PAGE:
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How to Know If Your Investments Have Turned Sour?

As investors, we should continually be on the lookout for signs that tell us our investments may not be doing as well as they should be, as this may invalidate our original investment thesis.

The difficulty here is in assessing what constitutes “business deterioration”, as the term itself is broadly used to define any situation in which a company displays certain financial or operating traits. I will look at a few methods to assess business decline and also discuss how investors should perceive the decline and react accordingly.

Assessment – Deterioration In Financial Or Operational Metrics

In assessing if a business has suffered from a decline or deterioration, investors should look out for a combination of financial and operating metrics. A few of these are stated below for easy reference:-

Financial Metrics
• Decline in gross margins, operating margins or net margins
• An increase in total debt or an increase in the debt-equity ratio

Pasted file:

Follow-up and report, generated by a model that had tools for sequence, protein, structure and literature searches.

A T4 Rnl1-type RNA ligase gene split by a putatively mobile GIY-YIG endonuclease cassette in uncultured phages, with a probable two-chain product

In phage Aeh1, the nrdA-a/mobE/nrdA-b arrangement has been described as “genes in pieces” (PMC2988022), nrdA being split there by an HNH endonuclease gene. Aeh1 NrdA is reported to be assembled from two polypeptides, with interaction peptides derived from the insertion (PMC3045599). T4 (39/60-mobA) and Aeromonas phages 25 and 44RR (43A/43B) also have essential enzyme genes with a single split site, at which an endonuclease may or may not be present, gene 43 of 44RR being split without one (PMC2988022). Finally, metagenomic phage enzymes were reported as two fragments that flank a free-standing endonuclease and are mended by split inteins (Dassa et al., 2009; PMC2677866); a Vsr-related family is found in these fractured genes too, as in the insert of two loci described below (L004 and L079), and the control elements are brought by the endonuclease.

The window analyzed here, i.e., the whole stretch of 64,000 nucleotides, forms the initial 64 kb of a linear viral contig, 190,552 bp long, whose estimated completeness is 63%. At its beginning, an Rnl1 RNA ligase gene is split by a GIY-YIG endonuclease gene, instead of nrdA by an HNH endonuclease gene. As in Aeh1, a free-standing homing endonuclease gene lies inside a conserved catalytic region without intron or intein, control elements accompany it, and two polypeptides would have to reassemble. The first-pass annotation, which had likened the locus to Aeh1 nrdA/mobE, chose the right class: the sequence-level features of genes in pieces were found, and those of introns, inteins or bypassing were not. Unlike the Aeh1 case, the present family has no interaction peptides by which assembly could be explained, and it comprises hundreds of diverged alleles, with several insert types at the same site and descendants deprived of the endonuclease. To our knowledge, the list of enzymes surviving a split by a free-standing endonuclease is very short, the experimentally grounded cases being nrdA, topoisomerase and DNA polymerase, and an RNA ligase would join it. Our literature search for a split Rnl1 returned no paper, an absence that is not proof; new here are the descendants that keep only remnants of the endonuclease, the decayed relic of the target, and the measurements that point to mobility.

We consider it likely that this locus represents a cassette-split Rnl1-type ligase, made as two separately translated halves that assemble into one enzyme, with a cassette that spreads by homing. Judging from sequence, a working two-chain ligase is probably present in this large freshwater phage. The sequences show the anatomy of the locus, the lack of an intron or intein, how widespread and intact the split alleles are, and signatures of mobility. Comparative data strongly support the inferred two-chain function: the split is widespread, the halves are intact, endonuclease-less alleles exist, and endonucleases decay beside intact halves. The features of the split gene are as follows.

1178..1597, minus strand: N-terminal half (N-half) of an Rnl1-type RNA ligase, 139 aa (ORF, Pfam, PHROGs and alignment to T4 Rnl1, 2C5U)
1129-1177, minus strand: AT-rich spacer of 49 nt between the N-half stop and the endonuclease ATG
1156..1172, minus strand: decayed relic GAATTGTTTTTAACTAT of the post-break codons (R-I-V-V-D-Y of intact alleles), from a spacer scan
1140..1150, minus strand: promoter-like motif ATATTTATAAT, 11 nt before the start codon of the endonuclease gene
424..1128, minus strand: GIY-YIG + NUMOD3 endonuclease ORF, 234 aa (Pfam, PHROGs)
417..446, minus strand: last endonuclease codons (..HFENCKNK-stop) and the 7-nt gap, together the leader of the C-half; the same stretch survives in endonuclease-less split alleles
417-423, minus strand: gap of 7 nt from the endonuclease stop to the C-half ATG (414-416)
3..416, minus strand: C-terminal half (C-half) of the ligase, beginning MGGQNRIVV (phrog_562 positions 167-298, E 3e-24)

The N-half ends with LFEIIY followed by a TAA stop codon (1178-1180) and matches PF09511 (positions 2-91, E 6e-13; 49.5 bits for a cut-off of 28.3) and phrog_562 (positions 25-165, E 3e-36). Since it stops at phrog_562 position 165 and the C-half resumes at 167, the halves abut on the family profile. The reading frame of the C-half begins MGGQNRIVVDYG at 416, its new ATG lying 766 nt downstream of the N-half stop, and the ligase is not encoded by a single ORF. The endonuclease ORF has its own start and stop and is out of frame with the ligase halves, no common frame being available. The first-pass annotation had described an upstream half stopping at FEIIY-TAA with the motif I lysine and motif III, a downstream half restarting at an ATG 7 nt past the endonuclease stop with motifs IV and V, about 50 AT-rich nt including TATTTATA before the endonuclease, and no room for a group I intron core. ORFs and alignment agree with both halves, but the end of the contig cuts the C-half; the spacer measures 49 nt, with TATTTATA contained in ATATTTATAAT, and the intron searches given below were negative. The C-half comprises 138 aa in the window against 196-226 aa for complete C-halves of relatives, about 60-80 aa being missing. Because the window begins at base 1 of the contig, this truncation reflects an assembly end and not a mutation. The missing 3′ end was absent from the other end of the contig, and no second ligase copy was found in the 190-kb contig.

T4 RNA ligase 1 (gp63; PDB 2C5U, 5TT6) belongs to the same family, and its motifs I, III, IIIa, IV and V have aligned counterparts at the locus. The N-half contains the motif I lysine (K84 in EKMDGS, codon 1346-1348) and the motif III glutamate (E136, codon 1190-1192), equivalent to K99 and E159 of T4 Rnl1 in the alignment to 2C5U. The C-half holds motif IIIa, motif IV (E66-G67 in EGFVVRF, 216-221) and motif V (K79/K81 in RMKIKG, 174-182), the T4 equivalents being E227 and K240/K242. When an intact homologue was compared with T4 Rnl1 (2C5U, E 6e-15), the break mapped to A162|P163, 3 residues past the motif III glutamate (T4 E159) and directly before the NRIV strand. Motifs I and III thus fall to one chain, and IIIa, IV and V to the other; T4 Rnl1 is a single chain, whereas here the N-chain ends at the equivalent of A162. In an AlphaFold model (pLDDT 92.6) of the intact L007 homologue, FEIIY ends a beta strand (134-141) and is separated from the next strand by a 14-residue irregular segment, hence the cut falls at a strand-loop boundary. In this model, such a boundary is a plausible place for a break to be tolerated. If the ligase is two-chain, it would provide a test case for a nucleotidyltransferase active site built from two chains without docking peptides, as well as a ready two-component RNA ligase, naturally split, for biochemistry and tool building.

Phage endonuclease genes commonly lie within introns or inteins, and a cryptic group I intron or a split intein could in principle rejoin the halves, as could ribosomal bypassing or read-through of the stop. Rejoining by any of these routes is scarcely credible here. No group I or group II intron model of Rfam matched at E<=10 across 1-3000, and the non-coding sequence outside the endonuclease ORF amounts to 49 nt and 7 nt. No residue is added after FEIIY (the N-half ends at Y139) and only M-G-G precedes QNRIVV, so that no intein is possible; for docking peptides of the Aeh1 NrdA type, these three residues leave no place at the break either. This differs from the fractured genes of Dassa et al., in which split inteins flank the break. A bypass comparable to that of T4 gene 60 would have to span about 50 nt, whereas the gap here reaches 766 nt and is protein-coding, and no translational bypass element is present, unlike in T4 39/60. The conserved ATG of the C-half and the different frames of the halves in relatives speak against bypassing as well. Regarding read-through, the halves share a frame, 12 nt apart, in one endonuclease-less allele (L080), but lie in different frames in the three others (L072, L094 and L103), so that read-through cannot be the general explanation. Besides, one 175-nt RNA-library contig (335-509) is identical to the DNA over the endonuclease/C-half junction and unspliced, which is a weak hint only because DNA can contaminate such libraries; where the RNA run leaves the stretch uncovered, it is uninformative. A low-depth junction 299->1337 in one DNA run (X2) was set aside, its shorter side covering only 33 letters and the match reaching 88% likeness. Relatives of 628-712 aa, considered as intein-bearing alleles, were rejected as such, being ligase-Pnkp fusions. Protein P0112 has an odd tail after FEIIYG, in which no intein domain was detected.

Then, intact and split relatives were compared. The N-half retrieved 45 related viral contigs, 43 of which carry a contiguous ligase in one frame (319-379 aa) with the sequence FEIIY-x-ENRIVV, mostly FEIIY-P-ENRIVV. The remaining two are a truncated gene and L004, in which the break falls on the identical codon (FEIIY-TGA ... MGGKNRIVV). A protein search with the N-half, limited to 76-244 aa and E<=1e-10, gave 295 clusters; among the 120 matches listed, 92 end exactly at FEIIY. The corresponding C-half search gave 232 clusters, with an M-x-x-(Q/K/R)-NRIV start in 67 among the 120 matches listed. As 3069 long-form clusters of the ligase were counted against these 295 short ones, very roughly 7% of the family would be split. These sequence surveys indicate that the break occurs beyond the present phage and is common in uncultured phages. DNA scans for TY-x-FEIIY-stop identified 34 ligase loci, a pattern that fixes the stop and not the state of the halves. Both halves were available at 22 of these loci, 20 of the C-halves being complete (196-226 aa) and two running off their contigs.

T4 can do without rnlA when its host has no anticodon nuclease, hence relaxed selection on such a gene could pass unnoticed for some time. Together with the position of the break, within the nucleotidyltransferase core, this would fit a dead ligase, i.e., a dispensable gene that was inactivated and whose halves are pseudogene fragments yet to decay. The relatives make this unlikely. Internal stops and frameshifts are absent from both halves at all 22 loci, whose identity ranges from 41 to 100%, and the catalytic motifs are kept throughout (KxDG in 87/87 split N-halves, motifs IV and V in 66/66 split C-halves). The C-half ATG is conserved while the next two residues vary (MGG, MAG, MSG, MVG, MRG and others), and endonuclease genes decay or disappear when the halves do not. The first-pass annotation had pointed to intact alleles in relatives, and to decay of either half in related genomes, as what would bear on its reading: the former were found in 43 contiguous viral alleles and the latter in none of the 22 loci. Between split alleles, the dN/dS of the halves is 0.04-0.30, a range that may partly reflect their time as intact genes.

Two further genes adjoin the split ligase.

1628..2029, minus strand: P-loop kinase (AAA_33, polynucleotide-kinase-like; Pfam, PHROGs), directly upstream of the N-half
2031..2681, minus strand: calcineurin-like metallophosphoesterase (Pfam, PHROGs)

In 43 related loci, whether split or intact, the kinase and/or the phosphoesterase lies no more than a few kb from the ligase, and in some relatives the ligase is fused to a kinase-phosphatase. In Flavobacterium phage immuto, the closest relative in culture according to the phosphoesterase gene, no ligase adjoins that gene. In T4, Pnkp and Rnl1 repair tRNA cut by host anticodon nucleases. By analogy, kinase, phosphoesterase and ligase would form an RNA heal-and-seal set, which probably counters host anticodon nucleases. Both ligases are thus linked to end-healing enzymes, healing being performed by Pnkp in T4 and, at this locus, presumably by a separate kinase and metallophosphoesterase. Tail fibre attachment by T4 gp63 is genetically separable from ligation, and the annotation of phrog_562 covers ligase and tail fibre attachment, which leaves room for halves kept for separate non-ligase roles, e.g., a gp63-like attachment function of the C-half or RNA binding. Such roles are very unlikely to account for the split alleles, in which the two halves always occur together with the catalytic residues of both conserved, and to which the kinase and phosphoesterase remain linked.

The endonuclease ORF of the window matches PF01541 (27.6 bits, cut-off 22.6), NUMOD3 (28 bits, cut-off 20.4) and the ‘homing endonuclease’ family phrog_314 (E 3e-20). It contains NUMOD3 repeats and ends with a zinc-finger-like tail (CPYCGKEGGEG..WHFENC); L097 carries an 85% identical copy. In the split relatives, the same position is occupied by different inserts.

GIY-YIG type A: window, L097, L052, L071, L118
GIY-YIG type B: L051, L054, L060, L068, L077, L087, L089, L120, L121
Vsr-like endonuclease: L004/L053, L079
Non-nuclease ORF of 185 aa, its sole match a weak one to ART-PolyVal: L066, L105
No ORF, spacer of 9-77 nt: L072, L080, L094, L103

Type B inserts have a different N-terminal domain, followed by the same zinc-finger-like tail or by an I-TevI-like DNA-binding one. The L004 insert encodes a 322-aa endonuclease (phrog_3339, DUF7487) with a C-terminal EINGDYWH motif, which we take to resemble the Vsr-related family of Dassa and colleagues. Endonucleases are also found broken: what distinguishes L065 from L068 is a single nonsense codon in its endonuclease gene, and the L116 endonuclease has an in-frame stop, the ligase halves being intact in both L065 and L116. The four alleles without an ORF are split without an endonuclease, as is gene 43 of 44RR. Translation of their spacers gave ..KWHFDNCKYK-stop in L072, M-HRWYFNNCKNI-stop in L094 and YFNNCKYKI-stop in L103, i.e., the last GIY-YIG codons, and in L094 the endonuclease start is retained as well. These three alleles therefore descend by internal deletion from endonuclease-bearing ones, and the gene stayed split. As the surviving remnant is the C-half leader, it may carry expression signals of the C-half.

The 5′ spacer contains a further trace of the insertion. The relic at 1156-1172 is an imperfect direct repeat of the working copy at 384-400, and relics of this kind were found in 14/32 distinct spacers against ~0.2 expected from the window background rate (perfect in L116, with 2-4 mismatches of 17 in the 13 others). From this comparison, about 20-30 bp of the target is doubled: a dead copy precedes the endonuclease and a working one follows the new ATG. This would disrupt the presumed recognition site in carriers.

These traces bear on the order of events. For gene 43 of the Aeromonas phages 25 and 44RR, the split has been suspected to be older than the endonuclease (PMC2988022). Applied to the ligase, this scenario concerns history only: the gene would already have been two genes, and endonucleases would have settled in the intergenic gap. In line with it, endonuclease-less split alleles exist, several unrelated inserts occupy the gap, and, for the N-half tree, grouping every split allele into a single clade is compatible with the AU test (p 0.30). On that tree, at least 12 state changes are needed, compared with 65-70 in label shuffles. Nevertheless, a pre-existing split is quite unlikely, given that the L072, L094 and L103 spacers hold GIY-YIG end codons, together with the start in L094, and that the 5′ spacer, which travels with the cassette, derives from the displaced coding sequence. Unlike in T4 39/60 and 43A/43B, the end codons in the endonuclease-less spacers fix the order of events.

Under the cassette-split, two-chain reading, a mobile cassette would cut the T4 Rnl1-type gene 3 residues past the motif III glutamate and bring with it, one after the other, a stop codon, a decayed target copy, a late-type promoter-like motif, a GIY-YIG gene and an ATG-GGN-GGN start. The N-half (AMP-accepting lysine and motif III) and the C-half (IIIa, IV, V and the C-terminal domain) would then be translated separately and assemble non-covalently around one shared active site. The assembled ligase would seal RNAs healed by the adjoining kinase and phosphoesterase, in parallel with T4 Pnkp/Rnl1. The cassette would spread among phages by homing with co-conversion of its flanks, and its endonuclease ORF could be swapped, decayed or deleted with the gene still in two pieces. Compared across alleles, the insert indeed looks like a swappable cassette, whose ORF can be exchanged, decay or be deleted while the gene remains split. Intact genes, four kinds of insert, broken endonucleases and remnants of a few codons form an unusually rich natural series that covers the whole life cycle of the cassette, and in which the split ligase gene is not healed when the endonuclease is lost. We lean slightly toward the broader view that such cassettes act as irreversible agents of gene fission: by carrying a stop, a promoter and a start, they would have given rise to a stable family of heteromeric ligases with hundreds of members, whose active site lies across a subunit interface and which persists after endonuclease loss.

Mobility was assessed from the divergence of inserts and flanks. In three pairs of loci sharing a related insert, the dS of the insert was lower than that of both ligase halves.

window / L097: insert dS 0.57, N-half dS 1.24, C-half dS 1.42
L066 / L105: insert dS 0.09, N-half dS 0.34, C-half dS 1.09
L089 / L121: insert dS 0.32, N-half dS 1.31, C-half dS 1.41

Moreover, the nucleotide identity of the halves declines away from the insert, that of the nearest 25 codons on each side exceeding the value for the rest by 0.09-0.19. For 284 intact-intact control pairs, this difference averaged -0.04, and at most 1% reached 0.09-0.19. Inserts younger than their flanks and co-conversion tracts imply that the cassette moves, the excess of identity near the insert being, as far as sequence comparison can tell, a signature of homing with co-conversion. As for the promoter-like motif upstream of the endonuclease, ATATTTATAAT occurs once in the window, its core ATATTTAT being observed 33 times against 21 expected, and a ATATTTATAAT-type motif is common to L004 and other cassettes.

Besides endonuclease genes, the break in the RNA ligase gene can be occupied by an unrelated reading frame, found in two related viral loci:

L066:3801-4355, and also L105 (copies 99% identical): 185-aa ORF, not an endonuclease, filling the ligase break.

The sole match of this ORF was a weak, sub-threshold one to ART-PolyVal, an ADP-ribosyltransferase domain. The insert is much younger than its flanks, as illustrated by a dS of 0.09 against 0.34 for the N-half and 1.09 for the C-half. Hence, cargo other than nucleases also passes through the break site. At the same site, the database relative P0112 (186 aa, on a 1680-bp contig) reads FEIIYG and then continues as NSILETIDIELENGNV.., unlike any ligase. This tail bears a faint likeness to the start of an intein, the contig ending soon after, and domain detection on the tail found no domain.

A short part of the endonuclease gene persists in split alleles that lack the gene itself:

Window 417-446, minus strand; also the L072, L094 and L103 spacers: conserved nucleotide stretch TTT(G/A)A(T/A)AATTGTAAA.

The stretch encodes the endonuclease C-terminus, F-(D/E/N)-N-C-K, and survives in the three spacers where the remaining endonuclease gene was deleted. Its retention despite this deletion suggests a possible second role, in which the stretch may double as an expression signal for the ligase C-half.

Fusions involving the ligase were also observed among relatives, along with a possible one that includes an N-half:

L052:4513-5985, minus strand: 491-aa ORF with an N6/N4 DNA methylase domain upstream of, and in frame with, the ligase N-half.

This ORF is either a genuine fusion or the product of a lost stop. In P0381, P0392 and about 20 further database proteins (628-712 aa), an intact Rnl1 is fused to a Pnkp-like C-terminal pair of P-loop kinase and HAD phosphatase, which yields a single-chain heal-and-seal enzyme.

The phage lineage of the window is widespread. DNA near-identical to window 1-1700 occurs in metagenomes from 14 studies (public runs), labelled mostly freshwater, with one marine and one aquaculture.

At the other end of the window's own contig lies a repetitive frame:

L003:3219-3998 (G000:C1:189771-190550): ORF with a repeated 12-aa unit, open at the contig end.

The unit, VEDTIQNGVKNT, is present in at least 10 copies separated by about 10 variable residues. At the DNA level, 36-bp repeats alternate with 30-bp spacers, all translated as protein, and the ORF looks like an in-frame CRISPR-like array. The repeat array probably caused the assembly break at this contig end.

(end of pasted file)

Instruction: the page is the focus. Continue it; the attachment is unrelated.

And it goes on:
• Negative operating cash flow or free cash flow
• A decline in profits or seeing losses when the company previously reported profits

Operational / Other Metrics
• A significant decline in market share
• Negative same-store sales numbers (for the retail industry)
• Falling factory production utilisation
• Increase in staff turnover rate

Frequency, Severity And Duration

After identifying the metrics which have deteriorated, the next step for the investor would be to assess both the i) frequency; ii) severity; and iii) duration of the declines.

Frequency is important in assessing if the decline is just temporary (i.e. one-off) or if this may signal a structural deterioration in the business environment surrounding the company. For example, a company reporting negative free cash flow for just one quarter could state that it was due to changes in working capital, but if a company reports consistent negative free cash flow for three years in a row, investors should sit up and take notice.

Severity would indicate the magnitude of the decline, and whether this is material to the business or not. For example, a one percentage point decline in gross margins is probably nothing to worry about, but if the decline was five or more percentage points, investors should probably investigate further.

Duration would refer to how long the decline lasts for — is it just limited to a short period of time or is the problem persistent? If there is a persistent deterioration in certain metrics, investors should treat these as serious red flags and investigate deeper.

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The information provided is for general information purposes only and is not intended to be personalised investment or financial advice.